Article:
Wednesday, October 22, 2008

another of the less well-known Italian paths: Basilicata (#17)

Welcome to Basilicata . . .

This is one of the twenty-two guest rooms of the Locanda di San Martino, in Matera, the major city in the southern province of Basilicata. Basilicata is wedged between Campania, Puglia and Calabria. It is known as one region, two seas and a gastronomic melting pot. And it is also well known as the region chronicled in that masterpiece of Italian literature: Christ Stopped at Eboli, by Carlo Levi.

The Locanda lies in the heart of the "Sassi" (stones) historical district of Matera, and it provides an experience unlike any other. Inhabitants of this region, for perhaps thousands of years, lived in cave dwellings, carved into the hills. The rooms of the Locanda are also basically caves carved into the rock, but, obviously from above, they are beautifully adapted to the comforts of modern living. Another inn, the Locanda del Palazzo, in nearby Barile, is also a cave-hotel.

For a better understanding of this region, I commend you to Carlos Levi's classic. Levi, exiled to this region by The Fascists in the mid '30's, described the poverty, hardships of living and the topography of this incredible malaria-infested country in heart-breaking detail.

In the next blog, we will visit the gastronomic specialties and delights of Basilica. For the moment, it is important to note that the region is the home to one of the new stars of Italian wines: aglianico. The Etruscans planted the first vines of the region (Ellenico) and today the wines from this grape are gaining, finally, International renown. The best of these wines come from the volcanic soils of Mount Vulture, in the northern section of Basilicata. Paternoster is one of the major producers.

According to Eric Asimov, writing in the New York Times, the aglianico grape is somewhat tannic, but not as much so as nebbiola. The wines can, therefore, improve with five or more years of aging. According to Asimov: the subtlety of the fruit and the fact that the wine can be dry and intense without being heavy, makes it a good companion to a variety of meat, poultry and pasta dishes.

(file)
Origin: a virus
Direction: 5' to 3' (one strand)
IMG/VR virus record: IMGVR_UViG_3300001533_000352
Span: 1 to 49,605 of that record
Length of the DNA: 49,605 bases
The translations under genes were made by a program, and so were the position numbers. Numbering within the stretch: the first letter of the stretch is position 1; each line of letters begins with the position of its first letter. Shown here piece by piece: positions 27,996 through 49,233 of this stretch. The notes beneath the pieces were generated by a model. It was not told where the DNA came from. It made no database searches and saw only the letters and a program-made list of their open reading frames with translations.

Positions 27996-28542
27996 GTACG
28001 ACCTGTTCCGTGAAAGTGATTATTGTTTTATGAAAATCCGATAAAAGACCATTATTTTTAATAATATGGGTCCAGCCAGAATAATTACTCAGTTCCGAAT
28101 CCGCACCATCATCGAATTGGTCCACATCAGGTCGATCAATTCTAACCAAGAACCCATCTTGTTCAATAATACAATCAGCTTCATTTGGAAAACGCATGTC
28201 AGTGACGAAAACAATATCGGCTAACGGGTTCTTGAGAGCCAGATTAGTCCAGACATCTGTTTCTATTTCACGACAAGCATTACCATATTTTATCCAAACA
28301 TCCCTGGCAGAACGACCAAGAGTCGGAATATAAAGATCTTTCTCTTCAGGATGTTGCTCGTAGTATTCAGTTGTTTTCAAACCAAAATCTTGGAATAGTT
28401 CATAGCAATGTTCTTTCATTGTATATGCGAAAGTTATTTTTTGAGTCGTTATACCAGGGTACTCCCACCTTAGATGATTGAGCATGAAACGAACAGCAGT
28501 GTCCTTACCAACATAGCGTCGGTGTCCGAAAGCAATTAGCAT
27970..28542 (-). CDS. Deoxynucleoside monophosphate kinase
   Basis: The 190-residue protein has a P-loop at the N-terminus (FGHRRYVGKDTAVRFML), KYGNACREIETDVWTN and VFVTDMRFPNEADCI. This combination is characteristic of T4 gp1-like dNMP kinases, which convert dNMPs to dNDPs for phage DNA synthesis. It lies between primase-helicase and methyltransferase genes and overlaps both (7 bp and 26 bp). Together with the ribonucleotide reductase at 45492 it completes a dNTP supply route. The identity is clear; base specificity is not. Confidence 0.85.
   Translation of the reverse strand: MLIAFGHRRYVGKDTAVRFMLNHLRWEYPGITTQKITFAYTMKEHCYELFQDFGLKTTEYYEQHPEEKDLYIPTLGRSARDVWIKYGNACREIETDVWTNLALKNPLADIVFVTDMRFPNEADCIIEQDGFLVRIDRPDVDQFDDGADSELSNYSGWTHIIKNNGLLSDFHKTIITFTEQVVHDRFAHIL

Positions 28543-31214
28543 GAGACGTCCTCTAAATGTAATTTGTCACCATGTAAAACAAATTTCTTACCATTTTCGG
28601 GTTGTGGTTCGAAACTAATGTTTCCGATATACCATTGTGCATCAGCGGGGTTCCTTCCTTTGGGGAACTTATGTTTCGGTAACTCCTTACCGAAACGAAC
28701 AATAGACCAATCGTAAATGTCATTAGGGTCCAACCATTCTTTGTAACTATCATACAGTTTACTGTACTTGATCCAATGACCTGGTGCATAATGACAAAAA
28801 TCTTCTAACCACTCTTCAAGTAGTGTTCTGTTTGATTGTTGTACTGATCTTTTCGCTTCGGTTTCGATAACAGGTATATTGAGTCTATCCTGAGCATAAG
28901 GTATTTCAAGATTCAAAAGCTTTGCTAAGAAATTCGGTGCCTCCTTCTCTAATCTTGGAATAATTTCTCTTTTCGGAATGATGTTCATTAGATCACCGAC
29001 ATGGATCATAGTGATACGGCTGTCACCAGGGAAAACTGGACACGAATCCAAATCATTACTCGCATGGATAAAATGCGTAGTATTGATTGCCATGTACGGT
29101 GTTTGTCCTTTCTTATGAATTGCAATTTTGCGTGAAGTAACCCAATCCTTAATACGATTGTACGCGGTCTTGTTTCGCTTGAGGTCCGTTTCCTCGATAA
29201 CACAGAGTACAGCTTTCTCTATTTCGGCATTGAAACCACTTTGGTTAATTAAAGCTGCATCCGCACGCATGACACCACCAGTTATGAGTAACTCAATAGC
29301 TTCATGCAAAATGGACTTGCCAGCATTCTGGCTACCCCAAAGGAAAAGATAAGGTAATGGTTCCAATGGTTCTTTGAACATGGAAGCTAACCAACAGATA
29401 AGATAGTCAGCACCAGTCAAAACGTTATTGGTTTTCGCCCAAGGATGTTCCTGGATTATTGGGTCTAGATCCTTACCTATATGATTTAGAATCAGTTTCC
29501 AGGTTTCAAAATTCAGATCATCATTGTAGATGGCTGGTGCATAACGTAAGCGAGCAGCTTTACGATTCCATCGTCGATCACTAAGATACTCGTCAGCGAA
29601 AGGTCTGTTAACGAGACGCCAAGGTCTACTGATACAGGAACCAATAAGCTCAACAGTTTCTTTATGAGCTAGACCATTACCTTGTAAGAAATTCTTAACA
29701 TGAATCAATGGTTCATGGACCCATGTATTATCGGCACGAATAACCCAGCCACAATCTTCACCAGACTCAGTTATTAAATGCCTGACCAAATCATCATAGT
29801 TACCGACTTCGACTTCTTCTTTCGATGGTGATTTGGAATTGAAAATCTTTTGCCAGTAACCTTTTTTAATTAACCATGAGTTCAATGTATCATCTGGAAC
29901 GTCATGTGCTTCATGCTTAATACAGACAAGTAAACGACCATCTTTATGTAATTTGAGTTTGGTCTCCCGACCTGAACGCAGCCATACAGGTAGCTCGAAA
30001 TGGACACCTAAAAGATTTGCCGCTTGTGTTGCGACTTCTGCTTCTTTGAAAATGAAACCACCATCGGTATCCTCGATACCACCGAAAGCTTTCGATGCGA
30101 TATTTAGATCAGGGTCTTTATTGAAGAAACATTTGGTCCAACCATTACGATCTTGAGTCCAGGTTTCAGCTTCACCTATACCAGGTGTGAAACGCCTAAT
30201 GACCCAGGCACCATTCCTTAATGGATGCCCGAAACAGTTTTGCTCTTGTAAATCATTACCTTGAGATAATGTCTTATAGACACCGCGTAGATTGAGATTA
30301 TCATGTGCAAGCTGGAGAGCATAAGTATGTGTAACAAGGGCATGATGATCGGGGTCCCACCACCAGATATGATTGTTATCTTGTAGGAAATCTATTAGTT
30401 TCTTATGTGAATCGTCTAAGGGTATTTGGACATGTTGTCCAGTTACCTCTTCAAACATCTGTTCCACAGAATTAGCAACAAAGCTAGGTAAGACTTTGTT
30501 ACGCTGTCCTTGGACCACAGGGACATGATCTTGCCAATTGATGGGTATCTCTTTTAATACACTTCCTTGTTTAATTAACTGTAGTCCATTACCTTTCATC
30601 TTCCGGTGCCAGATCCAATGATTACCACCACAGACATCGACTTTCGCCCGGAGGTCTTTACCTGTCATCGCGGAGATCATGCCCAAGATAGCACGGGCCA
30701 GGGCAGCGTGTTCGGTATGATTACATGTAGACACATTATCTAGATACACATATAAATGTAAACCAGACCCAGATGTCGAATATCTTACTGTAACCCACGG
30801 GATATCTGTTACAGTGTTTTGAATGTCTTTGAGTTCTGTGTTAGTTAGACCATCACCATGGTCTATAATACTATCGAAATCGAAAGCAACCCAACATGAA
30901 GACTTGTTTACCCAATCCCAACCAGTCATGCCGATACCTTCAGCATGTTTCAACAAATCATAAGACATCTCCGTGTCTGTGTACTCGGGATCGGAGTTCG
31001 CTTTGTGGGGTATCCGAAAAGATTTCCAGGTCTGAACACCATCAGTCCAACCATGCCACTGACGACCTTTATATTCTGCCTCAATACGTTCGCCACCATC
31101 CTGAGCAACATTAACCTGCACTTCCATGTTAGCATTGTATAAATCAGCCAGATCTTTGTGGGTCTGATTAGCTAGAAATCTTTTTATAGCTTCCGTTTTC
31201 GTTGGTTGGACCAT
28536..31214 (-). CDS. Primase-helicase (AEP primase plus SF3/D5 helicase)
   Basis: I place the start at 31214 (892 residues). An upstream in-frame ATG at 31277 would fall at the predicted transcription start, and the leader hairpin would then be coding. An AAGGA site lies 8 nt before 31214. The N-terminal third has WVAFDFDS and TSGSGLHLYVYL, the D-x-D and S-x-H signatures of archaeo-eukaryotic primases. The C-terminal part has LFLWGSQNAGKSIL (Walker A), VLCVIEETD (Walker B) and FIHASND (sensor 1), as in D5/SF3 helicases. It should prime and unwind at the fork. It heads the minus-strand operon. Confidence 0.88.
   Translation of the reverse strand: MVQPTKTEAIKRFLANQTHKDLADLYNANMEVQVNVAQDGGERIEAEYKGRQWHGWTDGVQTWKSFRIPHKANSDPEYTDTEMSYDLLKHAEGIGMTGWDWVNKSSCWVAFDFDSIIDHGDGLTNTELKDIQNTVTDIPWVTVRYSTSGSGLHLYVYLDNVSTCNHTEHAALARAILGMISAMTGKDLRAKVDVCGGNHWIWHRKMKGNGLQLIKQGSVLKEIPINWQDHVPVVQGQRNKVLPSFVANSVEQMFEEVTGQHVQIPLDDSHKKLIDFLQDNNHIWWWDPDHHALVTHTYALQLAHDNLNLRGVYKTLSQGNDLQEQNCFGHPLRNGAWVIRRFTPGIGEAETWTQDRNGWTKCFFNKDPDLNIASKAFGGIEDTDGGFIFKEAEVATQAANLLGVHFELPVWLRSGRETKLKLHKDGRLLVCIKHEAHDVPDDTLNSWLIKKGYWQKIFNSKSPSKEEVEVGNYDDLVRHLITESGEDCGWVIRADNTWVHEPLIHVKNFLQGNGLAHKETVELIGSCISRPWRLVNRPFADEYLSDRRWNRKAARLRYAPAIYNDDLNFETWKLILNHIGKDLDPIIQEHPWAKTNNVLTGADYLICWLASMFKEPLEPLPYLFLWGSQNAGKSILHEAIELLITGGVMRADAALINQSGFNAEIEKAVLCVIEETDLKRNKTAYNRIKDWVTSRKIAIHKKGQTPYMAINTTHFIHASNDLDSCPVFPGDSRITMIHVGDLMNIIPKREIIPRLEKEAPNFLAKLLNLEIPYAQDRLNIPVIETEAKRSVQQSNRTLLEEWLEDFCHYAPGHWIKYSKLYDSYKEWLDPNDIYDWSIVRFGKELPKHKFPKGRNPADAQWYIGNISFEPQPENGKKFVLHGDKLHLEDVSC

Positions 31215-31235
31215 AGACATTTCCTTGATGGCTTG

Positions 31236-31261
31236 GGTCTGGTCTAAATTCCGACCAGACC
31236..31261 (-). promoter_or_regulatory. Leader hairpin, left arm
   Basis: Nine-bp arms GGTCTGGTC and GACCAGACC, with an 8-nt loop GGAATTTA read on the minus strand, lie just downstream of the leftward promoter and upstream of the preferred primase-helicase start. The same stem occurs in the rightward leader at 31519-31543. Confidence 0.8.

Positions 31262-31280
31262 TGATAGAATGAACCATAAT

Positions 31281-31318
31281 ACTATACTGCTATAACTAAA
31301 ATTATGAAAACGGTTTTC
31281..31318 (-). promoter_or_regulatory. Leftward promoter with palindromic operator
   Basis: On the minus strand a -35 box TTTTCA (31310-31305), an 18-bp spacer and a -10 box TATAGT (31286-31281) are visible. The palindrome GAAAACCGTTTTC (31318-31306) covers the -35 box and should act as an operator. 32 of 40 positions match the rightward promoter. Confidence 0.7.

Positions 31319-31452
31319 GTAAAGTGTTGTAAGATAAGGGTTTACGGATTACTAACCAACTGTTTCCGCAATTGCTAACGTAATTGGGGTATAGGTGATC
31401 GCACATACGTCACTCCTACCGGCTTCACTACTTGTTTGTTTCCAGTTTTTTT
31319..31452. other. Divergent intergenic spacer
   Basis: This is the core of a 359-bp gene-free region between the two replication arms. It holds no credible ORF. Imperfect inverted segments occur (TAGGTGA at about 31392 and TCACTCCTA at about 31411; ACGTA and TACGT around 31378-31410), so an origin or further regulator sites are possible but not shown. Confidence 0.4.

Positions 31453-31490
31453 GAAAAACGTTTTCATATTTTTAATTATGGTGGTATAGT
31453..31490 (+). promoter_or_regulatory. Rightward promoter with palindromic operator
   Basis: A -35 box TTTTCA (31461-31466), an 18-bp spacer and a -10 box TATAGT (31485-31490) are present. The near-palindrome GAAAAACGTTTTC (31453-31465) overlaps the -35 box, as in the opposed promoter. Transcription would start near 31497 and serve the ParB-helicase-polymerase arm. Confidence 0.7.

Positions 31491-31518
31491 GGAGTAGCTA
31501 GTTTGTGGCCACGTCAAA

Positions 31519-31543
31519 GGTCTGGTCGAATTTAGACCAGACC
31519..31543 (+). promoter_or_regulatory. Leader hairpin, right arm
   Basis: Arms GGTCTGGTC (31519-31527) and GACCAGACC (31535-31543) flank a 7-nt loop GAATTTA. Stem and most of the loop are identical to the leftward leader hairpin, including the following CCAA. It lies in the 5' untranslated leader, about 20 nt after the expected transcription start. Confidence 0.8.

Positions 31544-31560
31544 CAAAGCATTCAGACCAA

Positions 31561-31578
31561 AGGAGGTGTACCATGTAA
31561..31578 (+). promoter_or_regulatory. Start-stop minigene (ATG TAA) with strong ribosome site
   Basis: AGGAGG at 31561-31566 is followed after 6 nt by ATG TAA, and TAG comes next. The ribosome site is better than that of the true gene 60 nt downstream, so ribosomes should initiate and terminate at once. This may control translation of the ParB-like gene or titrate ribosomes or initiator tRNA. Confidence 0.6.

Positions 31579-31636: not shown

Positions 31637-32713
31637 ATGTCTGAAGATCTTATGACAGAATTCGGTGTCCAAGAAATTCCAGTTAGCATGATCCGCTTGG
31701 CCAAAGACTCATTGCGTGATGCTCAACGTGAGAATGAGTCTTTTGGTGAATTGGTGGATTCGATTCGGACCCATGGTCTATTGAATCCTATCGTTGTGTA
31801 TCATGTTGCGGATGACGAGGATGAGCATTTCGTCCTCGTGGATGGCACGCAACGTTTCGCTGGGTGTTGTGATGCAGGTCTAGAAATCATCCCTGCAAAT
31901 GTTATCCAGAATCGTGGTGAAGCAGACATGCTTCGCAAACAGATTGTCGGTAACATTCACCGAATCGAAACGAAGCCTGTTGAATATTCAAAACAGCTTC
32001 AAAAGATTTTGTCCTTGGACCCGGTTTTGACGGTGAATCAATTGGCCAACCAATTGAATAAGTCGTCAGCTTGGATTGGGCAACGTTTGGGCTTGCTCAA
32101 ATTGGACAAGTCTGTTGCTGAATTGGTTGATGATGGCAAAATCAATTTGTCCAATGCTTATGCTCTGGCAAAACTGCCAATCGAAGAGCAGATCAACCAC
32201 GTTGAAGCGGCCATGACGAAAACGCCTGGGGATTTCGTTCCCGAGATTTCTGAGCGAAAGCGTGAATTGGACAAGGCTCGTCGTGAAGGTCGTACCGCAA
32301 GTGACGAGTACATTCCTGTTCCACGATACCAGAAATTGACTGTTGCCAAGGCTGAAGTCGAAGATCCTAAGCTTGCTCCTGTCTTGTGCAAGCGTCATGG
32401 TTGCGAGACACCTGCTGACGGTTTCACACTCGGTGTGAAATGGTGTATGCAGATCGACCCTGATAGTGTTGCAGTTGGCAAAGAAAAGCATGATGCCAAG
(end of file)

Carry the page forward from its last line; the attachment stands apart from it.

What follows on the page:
Next: the pasta (and other food delights) from Basilicata.

Sunday, October 12, 2008

less well-known Italian paths -- four in the south

True, it is fall. Travel time is generally past. However it is, perhaps, the perfect time to do a little armchair traveling -- to prepare for next year. So off we go: in the somewhat out-of-the-way category, here are four lovely regions in the south of Italy that have recently been featured in major magazines, that we want to share. (The map above is not necessarily a test, but you can make it so if you wish).

The first stop is in Campania (#15).

The Campania region is certainly hardly unknown, as anyone challenging the cliff-side roads of the Amalfi coast will attest. It is the very frequented home of Positano, Ravello, the eponymous Amalfi, and friends.

Writing in the August issue of Travel + Leisure, T&L's European editor, Maria Schollenbarger, takes us to a much less well-known area of Campania: the Cilento coast -- 45 miles south of Amalfi, and a very much untouched world. "This part of Campania is unique," she says. "Everywhere we went, the locals made sure we knew how proud they were to have the clean ocean, the regional delicacies and the ancient Greek ruins."

The Cilento coast is generally perceived as starting in Paestum in the north, and going to the border of Basilicata in the south. The region reeks of its Greek heritage. Paestum has some of the best-preserved Greek temples in Italy. Maria also reports in the article that the Cilentran villages are some of the most historically intact and culturally unchanged in the mezzogiorno.

Michelin lists several hotels and restaurants near C
astellabate, sort of the center of this part of the coast, and of course at historic Paestum. Check the Travel + Leisure article for Maria's special recommendations, and a more complete tour of this delightful coastal region.

For us gastronomies, there is even a more special reason for visiting the Cilento coast. This is the home -- the denominazione -- for mozzarella di bufalo. In theory only the cheese made from buffalo should be called mozzarella. (Cow's milk is fior di latte). Mozarrella di bufalo ideally should be eaten within 24 hours of being made, dripping with its own buttermilk. It is pure white with a wonderful taste all its own -- delicate and fragrant, and very fresh. It will squeak when you cut it. Af
ter the mozzarella? the wonderfrul figs of the region.

Our recipe for the region? Very simple. The best, most flavorful tomatoes you can find this year. Slice them. Add slices of mozzarella di bufalo, topped with some basil and drops of olive oil. Perfecto!

Next visits: Basilicata, Puglia and Molise.